This Sydney Festival I have spent the majority of my time at The Seymour Centre – watching as punters swirl and spin off into one of three venues – all with a revolving programme – all with an exciting variety of shows to experience. Last time I was at the Everest I was there to review Mike Birbiglia a stand up comic, on this occasion I was there to see a devised work created by a range of physical theatre performers/dancers which was developed over two continents. Though my first love is text- I am always keen to branch out (pun acknowledged) to other modes of performance and am trying to bring myself up to speed on physical performance and dance.

There is something awe-inspiring about dance, for me. Me who sits, reading or writing or watching or thinking… all quite sedentary occupations and past times – the spectacle of watching someone move and twist and negotiate space with their body is impressive. Add to that a narrative created by an ensemble of performers. Ideas about the observations of humans from an animal’s point of view – and I was very curious to see what the results would be.

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As we shuffle and scatter into our pre-ordained seats, animals on stage stare at us. Beady glass eyes stare unblinkingly, watching us, as we watch them. A giant tree, knotted and thick-barked, something in it’s branches. A forest in the gloaming.

Created by pvc Tanz (the dance arm of Theatre Freiburg and Theatre und Philharmonisches Orchester der Stadt Heidelberg) Food Chain is an exploration of the relationship between humans and nature. Directors, Gavin Webber and Grayson Millwood “wanted to explore the idea of animals experimenting on humans, viewing them like a David Attenborough nature documentary in reverse.” The tables have turned on the humans. No longer are humans the exploitative force – they are no longer voyeurs of the natural world – despite their blind confidence and man-made contraptions (backpacks, a tent, torches etc) – they are the hunted not the hunting.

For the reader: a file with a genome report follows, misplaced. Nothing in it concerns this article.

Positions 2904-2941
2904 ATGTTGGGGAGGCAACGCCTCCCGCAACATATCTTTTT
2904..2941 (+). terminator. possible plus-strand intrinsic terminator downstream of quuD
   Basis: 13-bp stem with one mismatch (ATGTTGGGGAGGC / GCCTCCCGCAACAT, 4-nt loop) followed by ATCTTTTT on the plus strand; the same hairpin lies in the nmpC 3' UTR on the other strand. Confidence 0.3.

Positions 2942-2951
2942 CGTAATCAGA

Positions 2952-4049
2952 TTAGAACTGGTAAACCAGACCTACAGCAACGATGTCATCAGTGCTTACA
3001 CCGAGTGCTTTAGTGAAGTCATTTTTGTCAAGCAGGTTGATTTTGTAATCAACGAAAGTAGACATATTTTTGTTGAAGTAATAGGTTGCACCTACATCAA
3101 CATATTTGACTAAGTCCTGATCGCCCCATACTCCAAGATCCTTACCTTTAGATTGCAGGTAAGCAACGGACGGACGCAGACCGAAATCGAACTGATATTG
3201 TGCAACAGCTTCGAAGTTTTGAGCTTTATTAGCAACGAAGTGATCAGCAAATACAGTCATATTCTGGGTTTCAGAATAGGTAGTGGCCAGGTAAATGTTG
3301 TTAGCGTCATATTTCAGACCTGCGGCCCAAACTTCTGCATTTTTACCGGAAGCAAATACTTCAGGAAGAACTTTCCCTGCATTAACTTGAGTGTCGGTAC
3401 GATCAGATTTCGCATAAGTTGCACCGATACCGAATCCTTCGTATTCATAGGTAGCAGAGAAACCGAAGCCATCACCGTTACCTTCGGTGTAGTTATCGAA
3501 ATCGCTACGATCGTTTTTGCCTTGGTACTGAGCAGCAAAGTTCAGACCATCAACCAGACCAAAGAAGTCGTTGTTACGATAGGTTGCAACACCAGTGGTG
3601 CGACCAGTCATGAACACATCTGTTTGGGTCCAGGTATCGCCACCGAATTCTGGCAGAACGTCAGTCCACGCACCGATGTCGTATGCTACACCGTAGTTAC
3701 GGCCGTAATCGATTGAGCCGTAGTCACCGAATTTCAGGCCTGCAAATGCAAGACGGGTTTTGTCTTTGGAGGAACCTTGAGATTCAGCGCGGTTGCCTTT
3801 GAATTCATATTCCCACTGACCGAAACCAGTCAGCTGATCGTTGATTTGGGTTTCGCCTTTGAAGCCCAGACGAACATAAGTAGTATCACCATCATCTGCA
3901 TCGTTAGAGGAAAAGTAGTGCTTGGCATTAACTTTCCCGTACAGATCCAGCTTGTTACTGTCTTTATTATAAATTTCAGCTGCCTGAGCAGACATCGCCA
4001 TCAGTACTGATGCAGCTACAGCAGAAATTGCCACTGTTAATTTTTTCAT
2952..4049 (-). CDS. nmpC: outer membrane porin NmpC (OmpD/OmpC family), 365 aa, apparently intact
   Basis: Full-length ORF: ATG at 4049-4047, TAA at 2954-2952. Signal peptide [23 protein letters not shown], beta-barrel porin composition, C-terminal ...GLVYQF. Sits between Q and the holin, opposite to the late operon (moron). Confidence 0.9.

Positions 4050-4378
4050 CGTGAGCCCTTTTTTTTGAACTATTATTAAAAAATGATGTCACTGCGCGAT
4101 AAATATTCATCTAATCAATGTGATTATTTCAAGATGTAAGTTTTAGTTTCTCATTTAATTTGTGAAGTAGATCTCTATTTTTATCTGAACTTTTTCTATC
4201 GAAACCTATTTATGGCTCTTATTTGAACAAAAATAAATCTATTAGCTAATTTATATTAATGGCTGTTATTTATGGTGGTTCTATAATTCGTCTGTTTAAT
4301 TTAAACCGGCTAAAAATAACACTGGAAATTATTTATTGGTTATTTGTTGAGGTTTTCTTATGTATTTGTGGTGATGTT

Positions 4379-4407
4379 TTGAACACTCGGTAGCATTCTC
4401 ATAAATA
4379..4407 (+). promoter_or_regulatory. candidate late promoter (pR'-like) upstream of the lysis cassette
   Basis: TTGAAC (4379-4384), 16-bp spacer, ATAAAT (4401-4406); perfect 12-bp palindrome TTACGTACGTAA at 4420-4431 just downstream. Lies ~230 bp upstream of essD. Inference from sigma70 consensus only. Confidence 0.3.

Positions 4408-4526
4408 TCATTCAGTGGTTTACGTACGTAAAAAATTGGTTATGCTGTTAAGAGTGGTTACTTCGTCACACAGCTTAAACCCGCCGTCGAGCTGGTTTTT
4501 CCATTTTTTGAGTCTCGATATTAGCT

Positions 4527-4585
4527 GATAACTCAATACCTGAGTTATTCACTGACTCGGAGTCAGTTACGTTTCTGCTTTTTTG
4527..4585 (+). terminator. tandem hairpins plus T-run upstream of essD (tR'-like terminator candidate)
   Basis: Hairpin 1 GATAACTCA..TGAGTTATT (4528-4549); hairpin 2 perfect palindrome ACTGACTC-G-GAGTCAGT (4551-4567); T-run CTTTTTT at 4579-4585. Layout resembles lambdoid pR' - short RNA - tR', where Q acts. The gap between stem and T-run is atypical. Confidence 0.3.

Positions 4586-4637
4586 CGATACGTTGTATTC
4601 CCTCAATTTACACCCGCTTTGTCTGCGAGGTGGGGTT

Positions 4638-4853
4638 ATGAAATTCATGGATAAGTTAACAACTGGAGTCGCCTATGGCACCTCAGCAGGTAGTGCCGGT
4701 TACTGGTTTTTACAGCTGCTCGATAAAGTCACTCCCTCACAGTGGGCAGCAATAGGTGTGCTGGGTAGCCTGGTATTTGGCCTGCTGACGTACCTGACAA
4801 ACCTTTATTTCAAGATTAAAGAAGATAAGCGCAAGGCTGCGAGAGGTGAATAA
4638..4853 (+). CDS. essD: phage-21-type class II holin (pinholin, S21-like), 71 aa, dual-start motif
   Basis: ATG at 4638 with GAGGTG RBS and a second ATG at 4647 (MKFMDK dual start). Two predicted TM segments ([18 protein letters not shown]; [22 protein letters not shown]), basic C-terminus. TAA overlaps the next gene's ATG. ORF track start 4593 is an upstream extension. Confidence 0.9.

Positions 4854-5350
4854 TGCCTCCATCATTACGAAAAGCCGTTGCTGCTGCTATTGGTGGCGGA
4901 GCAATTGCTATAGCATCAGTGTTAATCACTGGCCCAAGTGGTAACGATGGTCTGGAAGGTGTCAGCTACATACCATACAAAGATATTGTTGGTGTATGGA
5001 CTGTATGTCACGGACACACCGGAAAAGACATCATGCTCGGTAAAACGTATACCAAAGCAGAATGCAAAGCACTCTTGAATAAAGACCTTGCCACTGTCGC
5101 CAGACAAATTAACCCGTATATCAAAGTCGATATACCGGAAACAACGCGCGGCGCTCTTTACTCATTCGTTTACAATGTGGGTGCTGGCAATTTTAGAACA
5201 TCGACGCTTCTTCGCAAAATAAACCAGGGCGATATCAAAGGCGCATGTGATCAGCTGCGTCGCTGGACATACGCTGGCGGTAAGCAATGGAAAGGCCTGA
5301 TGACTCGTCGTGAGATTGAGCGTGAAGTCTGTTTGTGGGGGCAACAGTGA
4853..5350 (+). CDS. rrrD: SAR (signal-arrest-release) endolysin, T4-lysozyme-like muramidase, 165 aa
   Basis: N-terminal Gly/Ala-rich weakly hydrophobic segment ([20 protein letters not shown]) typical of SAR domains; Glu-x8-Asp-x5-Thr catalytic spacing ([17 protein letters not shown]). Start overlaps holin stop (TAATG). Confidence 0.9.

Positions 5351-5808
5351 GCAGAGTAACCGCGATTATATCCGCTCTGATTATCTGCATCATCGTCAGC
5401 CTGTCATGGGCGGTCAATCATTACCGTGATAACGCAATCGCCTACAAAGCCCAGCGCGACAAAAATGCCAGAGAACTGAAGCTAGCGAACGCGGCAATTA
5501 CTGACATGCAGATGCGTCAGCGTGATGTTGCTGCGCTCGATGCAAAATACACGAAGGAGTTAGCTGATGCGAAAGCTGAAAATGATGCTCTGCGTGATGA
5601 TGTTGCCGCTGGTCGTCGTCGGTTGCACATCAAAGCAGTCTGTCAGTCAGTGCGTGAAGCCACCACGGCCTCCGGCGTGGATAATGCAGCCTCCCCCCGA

Hailing from Meryl Tankard’s Australian Dance Theatre in the early 90s, Gavin and Grayson are long-term physical theatre/dance collaborators who have toured throughout Europe and the world – both with their homegrown collaborations lawn and roadkill and in their own projects. According to their program notes, this particular production has been revisited and redeveloped for the Sydney Festival with some new collaborators included in the creation (or re-thinking) of the work.

Predominately movement based, Food Chain is more a series of links, than a cohesive narrative. Broadly speaking there is a beginning and (sometimes a gruesome) end to several of the characters, and a series of themes that are presented and re-presented. Sometimes animal, sometimes human the force and ferocity of the natural world versus the fragile and powerless human are openly displayed. Playing with audience and the idea of the voyeur – two bears with a CD player inform each other of a few dot-point facts about humans, specifically the mating rituals of humans which stuns and astounds the bear’s companion and exposes the constructed versus the natural world of humans. At one point a lesson is presented to a series of stuffed animals about survival – which presents the ide that despite the beauty of nature- it is instinctually and necessarily predatorial and/or in a state of suffering.

This is a beautifully produced piece of work. Dynamic, and visually lively with astoundingly evocative sound design Food Chain shows us the strength and power of the natural world and it may overpower hapless humans. This is made even more astounding by the fact that the hapless humans in question are imbued with a remarkable physical dexterity and strength, which is still no defense against the likes of two very insatiable bears. Vignettes of weakness and strength – foolishness and fear swing us, the captive audience between the wonder of the natural world and the threat of the natural world. At times, the curation of these vignettes is jarring – it is difficult to recover from a supremely terrifying moment of violence into a moment which is intended as comic.

Though the execution of each moment is beautifully crafted and awe inspiring, it’s not a smooth journey through this terrain and the last moment seemed to linger a little longer than necessary and was quite a soft ending to a brutal and forceful idea.